How the observations accrue extraordinary value…ubiquitously resonating through the world as people undergo their private rampages, fuel for internal fires to rise higher. From the art of coupling words in a post-punk pop art tradition that draws attention to the thing itself whilst speaking for an entire consumer society around it, blinded by its international incantation exploited via intravenous entertainment (Dream Boat, Cash Cow, Nice Garden) to more philosophising, ridiculing, lyrical derision (The Sadness of Axl Rose, Clubfoot by Kasabian, Ask Yourself A Question If The Answer Is Go f*ck Yourself), the caustic, comedic lexicon remains ever-strong. A violent irony. An innermost honesty with an intellectual edge that represents, through these references to the innocuous obsessions of the information org*sm, everyone that stands in the way of such a reference pinned to the dissection pan.

Powdered Milk is one such example. We see it everywhere, and nowhere. It takes a punk band from the North of Leeds to make a noise about it. To drench its meaningless, mundane stronghold on us in gasoline then watch it go up in flames when a freshly lit matchstick is held close to the concept of the bloody thing (other equally banal subjects could be: Watchmen Interrogation Scene, Early Bird, Voice Actor, Heat Ray, Tonight With Jonathan Ross, Holy Moly, Petting Zoo, Stamp Collection and Urine Sample).

All cold blood and acid bile, unpicking sutured stitches and punctuating them with something else instead (staples/safety pins/globules of superglue), the desert noise punk caterwaul of its claps and claps and claps and collapses concrete onto itself. Billy Mason’s eye-twitch and demonic howl heaving into the hole the rest of the band burrow into a machine, listless except for the occasional flicker of heat.

Meanwhile, Melting John’s jagged chug charges towards brickwork as a bull would sniff out a matador’s nervous ballsack. Dante Beesley’s lizard-bite guitars evaporate into poisonous fumes of feedback, perfect for Mason’s darkly humourous nihilist sketches to holler into. A similar psychic turbulence is represented in Smart Guy which drives a hammer into the head with all manner of rhetorical accounts as though it was a metal slab. With a skinful of swamp water, sludge fizzing with a visceral, static-clatter edge, it lops the head clean off and leaves it somehow laughing and crying in one prolonged, repeated, unrelenting motion. A song about the memory of the business owner with a eureka-moment fetish and a fondness for wanking into the creases of business management instruction manuals and attempts to inculcate his staff with the same level of brief intervals of joy.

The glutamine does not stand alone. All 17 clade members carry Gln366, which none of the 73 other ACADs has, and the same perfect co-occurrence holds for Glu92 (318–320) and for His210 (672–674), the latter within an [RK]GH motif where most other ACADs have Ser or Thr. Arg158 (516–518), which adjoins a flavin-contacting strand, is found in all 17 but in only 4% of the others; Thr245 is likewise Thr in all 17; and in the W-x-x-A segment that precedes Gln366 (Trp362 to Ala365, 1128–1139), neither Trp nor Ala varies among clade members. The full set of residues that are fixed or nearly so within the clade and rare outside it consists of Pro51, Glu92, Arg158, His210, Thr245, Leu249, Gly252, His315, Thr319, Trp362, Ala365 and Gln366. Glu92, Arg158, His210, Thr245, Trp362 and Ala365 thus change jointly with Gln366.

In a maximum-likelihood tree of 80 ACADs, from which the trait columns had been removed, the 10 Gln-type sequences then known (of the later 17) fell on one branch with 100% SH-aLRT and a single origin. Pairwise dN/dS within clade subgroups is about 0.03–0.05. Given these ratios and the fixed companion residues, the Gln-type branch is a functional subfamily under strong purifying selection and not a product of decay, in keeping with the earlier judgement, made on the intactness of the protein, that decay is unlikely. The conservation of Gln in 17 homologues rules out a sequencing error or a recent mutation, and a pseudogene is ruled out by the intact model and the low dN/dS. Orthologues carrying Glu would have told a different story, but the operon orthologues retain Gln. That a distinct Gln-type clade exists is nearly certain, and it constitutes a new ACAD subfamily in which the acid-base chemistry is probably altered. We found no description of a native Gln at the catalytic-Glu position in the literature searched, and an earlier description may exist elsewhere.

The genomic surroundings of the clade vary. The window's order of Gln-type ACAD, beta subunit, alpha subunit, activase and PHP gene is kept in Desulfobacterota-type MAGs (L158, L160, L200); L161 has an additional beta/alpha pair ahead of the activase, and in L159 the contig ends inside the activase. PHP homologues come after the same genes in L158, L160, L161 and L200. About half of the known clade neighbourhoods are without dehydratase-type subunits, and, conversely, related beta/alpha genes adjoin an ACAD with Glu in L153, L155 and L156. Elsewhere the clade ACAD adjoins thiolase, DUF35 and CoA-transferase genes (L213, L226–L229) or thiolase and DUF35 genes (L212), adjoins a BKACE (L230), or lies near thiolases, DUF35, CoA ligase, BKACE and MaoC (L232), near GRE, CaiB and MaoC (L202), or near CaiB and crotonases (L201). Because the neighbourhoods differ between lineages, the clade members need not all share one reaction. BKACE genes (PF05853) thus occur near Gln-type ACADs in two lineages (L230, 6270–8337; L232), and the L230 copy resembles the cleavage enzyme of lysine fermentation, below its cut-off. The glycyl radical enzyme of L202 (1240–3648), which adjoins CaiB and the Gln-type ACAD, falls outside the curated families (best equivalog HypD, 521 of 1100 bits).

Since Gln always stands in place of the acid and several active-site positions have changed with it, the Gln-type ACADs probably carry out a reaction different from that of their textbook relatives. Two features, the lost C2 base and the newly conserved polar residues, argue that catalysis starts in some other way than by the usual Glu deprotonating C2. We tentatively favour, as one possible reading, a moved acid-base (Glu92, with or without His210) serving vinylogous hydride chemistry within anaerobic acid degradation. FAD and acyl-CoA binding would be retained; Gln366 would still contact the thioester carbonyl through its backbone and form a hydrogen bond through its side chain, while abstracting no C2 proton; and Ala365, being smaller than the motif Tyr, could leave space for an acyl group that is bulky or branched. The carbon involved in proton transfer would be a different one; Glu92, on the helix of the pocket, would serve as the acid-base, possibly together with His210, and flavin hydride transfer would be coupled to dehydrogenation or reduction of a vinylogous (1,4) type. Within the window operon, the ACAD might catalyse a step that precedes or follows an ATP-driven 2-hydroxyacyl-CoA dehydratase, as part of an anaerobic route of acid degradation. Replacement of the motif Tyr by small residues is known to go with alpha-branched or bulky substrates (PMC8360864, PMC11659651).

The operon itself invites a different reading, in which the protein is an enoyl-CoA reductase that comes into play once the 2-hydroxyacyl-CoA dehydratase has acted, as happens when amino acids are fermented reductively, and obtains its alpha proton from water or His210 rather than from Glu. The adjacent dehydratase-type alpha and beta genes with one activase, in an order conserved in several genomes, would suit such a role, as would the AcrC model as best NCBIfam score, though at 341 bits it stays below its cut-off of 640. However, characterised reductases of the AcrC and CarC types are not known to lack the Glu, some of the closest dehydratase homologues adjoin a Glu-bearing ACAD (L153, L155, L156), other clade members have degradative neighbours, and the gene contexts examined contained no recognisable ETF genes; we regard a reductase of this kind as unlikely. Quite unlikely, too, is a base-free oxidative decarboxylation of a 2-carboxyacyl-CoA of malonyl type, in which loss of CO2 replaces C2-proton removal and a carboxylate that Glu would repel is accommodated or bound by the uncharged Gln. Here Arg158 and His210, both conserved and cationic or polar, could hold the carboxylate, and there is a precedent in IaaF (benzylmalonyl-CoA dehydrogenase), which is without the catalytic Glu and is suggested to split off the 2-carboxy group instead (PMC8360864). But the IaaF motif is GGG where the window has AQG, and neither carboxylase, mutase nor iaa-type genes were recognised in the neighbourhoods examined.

Separate from the scene’s lineage, yet upholding its inspiring credentials, since their 2012 debut to 2020’s Fantastic Man, BLCKLSTRS are a band that moves in their own circles. From one breed of noise to another, a noise evident here as being one interested in discomfort, disfigurement, deconstruction, dismemberment, dissembling the self, they move at their own pace, up close or from outer space, in the ear and just behind it, a circling foursome of sharks that eventually clash teeth as they crash upon the victim in the middle of their curious games.

Heroes uninterested in what time demands of an artist, what barnacled-bodied procedures and offal-tasting obligations of a bygone system aim to encase their rightfully protected and precious tenets in with leg irons, the search history of the universe will have their name upon its ancient mantlepiece, for they remain beacons that others find a sense of belonging when looking towards (or a way out of the corporate quagmire they find their ankles eaten by).

Obviously, this isn’t an album. It’s so much more. But not that not you knew not that right?


Blacklisters | Website | Bandcamp | Facebook | Instagram | Youtube

Words by Ryan Walker

Artwork by Daniel Holloway

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Blacklisters: This Is Not An Album - Album Review (2024)